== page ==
Should governments be in the tech business?
In the US alone, there are organizations for developing and applying technology, measurements and standards (National Institute of Standards and Technology, or NIST); technology transfer in manufacturing (Advanced Manufacturing National Program Office, or AMNPO); and supply chain (the Supply Chain Innovation Initiative).
There’s also the Hollings Manufacturing Extension Partnership, part of NIST, which enhances technology transfer in US manufacturing industries and helps companies scale up new technologies and products.
Throw in the Department of Energy’s National Labs, where small manufacturers can access cutting-edge manufacturing equipment and conduct research through programs at Los Alamos and Sandia National Laboratories.
And by year-end, there could be 16 more manufacturing innovation institutes nationwide, part of the Obama Administration’s $1 billion National Network for Manufacturing Innovation.
The US is hardly unique. In Europe, Germany’s networks of technical institutes are an example of how researchers and manufacturers can work closely on everything from basic research (Max Planck) to leading-edge high tech (Fraunhofer).
The UK has the Manufacturing Advisory Service (MAS), which provides process improvement consulting and training, and the Technology Strategy Board, which pushes for supply-chain R&D collaboration.
Canada’s Industrial Research Assistance Program (IRAP) is an advisor-based system that dispatches experts around the country, where they help match smaller-sized firms with domestic universities and national labs in pursuit of technology transfer.
My question: Who benefits from all these agencies?
The value of a strong domestic manufacturing base is unquestionable. In the US, there’s something of a revival going on, with a net 830,000 manufacturing jobs added through last May from the employment trough in February 2010. That’s not China-like expansion, but given it’s the sector’s first sustained job growth since the 1990s, we will take whatever we can get.
It’s near-impossible to tie the current resurgence to the government programs, however (although to be fair, the NMMA is just getting off the ground). And certainly not all these programs are designed specifically for the tech sector, let alone electronics design and manufacturing.
At times, the assistance is very real. NIST had a hand in developing the various IPC e-commerce and product data exchange software formats, and participated in iNEMI’s lead-free electronics program. But the intersections appear to be, well, not nearly frequent or lasting enough to be worthwhile. Fraunhofer’s researchers are tightly connected to real-world products, such as BMW’s all-electric car, and the goal is to shore up that nation’s domestic production. That’s not at all what we experience in the US, where government tends to offer more in the way of program management, and consumer activity and product development are promoted as much by tax breaks or government subsidies intended to spur acceptance of a particular technology, but for which the beneficiaries often seem to be offshore workers.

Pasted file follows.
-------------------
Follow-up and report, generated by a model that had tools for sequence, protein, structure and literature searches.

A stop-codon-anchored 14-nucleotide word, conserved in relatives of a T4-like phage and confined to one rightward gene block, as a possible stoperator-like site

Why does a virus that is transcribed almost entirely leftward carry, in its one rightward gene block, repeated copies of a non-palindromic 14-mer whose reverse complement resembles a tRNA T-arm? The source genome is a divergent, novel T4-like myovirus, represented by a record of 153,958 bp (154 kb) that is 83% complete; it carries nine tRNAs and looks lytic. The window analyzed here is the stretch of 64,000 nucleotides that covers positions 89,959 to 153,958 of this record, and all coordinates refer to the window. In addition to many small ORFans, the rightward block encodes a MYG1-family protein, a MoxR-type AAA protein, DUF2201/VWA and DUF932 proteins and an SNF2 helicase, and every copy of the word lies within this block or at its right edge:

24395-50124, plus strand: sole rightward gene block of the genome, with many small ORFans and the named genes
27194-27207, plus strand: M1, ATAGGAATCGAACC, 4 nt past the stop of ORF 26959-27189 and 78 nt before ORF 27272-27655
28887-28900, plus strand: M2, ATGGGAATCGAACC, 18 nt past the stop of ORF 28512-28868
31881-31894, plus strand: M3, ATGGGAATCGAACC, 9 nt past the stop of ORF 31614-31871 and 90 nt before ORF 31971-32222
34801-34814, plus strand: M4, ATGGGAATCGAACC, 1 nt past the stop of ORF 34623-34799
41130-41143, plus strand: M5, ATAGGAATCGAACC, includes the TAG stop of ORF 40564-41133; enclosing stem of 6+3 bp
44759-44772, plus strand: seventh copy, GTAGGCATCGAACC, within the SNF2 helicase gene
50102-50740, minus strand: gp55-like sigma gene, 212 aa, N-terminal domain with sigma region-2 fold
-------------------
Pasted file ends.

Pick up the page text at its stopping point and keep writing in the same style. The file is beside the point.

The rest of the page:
Trade associations no longer fill the gap as they once did. When I was first getting into the electronics industry, Sematech was barely five years old, yet was already credited with turning around the US semiconductor industry. Industry roadmaps were just coming of age. The Semiconductor Industry Association launched its first roadmap in 1991; IPC followed in 1994. Today both have taken breaks from such efforts, while iNEMI has emerged as an almost singular driving force in forecasting future needs (see this month’s interview with CEO Bill Bader, which starts on pg. 32). The US government is, at best, a role player in all of this.
Perhaps that’s how it should be. The conventional wisdom holds that anything government can do, the private sector can do better, faster and more cost-effectively. There are a number of reasons for this, but the effects of competition and the need for business agility seem to carry the most weight. Governments are not nimble beasts. But one would hope that, given all the resources thrown at technology development and transfer, something of value would actually make its way from the government agency drawing board to manufacturing shop floors.
One thing governments can do better than any other entity is collect financial data on private businesses. In September at PCB West, we welcome Mark Crawford, a senior trade and industry analyst at the US Department of Commerce, who will share findings on the aggregate production, employment, financial status, and R&D activities of some 200 PCB manufacturers surveyed this year.
Crawford’s talk is one of the record-setting more-than-70 presentations at this year’s conference, and best of all, it’s free. Please visit pcbwest.com to register.